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Rothenburg ob der Tauber - Medieval Charm in Modern Day

 


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Uneven cobblestone streets, short, squatty doorways, aged half-timbered houses, and all contained within an imposingly thick wall of stone – you’ve just entered Rothenburg ob der Tauber. One of Germany’s most visited cities, Rothenburg oozes with medieval charm. And why shouldn’t it? Its history dates back as far as 970 A. D and the walls have seen their share of time.

Overlooking the Tauber River valley, Rothenburg has survived centuries of war and natural disasters with the help of generous contributions from all over the world. This is not surprising as the fascinating little town transports the visitor to another time with one step inside its gates. The antiquated buildings stand as witness to how life used to be – small societies where everyone’s life cannot help but be intermingled with everyone else’s…which isn’t hard to imagine when the buildings are joined one to another. The town’s folklore is passed down from generation to generation and recounted for the millions of tourists that drink in (pun intended, as you’ll read in a moment) these sometimes unbelievable tales. The most well-known legend is that of Lord Mayor Nusch.

Rothenburg suffered occupation during the Thirty Years War despite heavy resistance from its citizens. In an act of jest, the occupying General announced that the city could be saved from destruction if someone from Rothenburg could drink a tankard of West German wine in one gulp (that’s a whopping 3.25 liters!). Lord Nusch stepped up and put his drinking skills (and liver, no doubt) to the test – and saved the town. As a tribute, the City Councillors’ Tavern houses mechanical figures that act out the story at 11am, 12pm, 1pm, 2pm, and 9pm each day. Crowds gather in the courtyard to watch a motorized Nusch guzzle his town’s salvation while the surprised General looks on.

Another alluring sight at Rothenburg is in St. Jakob’s Church. Constructed in a high gothic style, its towering, arched ceilings quickly make the visitor feel small and insignificant – a perfect state for worship. The two mismatching steeples hold an ungodly story of their own. Supposedly, two different men designed them – the master took on the south steeple and his apprentice took the north one. When construction was completed, the apprentice has erected a more slender and striking tower. Consumed by his anger and jealousy, the master committed suicide by throwing himself off of the top of his own steeple. Despite the high ceilings and deadly towers, the attraction to St. Jakob’s for many is its shrine. Legend has it that three drops of Christ’s blood were caught in a rock crystal, which is now at the center of the ornately carved Altar of the Holy Blood.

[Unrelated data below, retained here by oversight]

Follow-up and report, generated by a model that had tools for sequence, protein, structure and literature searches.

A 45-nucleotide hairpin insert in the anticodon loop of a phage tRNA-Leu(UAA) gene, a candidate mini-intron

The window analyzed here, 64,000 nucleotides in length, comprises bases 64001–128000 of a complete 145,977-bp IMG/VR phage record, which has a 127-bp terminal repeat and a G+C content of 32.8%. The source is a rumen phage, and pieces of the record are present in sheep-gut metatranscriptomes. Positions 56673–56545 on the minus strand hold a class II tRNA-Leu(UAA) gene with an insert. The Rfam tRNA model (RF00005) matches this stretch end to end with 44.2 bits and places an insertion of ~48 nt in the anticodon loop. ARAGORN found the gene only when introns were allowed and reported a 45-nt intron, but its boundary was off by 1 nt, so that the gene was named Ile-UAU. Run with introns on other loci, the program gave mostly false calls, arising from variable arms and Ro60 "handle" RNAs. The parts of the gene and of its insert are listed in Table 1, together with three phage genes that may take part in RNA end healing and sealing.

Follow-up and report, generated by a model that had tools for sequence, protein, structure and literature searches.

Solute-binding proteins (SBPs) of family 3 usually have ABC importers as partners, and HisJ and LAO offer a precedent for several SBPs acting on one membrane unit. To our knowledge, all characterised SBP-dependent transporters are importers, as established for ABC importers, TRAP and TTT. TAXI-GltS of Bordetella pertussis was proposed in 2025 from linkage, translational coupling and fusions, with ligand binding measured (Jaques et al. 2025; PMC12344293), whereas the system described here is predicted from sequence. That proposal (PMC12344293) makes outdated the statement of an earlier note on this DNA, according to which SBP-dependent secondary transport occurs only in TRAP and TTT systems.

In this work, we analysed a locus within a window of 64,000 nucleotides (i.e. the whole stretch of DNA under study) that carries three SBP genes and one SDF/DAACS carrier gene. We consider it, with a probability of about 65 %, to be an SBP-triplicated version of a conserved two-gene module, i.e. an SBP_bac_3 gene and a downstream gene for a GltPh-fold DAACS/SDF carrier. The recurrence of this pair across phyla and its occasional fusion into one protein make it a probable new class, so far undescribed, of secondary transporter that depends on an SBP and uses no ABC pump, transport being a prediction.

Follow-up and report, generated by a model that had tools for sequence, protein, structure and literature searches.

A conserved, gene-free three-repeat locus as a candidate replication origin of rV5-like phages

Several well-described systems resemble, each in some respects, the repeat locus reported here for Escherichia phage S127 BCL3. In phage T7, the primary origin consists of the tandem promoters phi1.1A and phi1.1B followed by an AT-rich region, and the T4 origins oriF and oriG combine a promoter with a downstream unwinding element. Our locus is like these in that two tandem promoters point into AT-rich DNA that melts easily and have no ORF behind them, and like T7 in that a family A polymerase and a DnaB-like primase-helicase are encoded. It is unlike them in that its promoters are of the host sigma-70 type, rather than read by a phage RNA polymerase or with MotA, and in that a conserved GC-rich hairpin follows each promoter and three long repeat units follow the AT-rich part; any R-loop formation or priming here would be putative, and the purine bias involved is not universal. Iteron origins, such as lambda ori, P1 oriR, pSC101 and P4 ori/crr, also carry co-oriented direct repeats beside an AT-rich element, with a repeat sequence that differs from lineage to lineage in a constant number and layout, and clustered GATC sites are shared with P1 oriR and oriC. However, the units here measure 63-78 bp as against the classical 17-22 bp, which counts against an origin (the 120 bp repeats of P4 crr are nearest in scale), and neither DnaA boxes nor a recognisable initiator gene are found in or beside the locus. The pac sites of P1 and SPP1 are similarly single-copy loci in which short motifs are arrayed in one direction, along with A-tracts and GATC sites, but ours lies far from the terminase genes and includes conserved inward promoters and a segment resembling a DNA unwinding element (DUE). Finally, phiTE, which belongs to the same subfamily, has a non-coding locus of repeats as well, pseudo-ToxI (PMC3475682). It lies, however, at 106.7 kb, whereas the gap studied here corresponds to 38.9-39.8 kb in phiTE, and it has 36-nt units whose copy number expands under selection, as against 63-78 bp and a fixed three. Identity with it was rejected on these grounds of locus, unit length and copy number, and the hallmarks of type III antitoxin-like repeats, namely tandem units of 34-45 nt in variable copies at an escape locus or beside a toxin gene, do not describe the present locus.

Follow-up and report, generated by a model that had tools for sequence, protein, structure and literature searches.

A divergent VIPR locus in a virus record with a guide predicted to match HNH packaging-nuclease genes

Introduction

Rothenburg is quaint, picturesque, and worthy of any jigsaw puzzle – even more so in the wintertime. Despite the harsh weather and freezing temperatures, many brave the elements to catch a glimpse of this adorable little town with a blanket of snow. The lights glow from their icy coverings and everything is decorated to the hilt for the Christmas season. Germany is famous for its ‘Weihnachtsmarkt’ (Christmas Markets) and Rothenburg rivals them all. In addition to the normal hot sausage, roasted chestnuts, and spiced wine, Rothenburg’s market offers a myriad of medieval-inspired crafts and trinkets which perfectly reflect the town’s personality.

Abounding in charm and charisma, Rothenburg ob der Tauber promises a delightfully medieval vacation from the modern world at any time of year.

See more of Europe's hidden treasures in “Europe for the Senses - A Photographic Journal" by Vicki Landes. www.EuropeForTheSenses.com

Initially a skeptic, Vicki Landes was not thrilled when her military husband moved her and their new baby to Stuttgart, Germany – in fact, she went kicking and screaming. She quickly took to Europe and ended up living in Germany for a full seven years. During that time, Landes became an avid world traveler and published author. With a current list of 45 countries under her belt, Landes strives to find the overlooked details that make each place distinctive and unique. “Europe for the Senses – A Photographic Journal” is her first book.

Visit her website: http://www.EuropeForTheSenses.com – access information on the book, Landes’ blog, book reviews, press spots, book trailers, links to purchasing options, sign up for Landes’ weekly newsletter, and her new online photography galleries!

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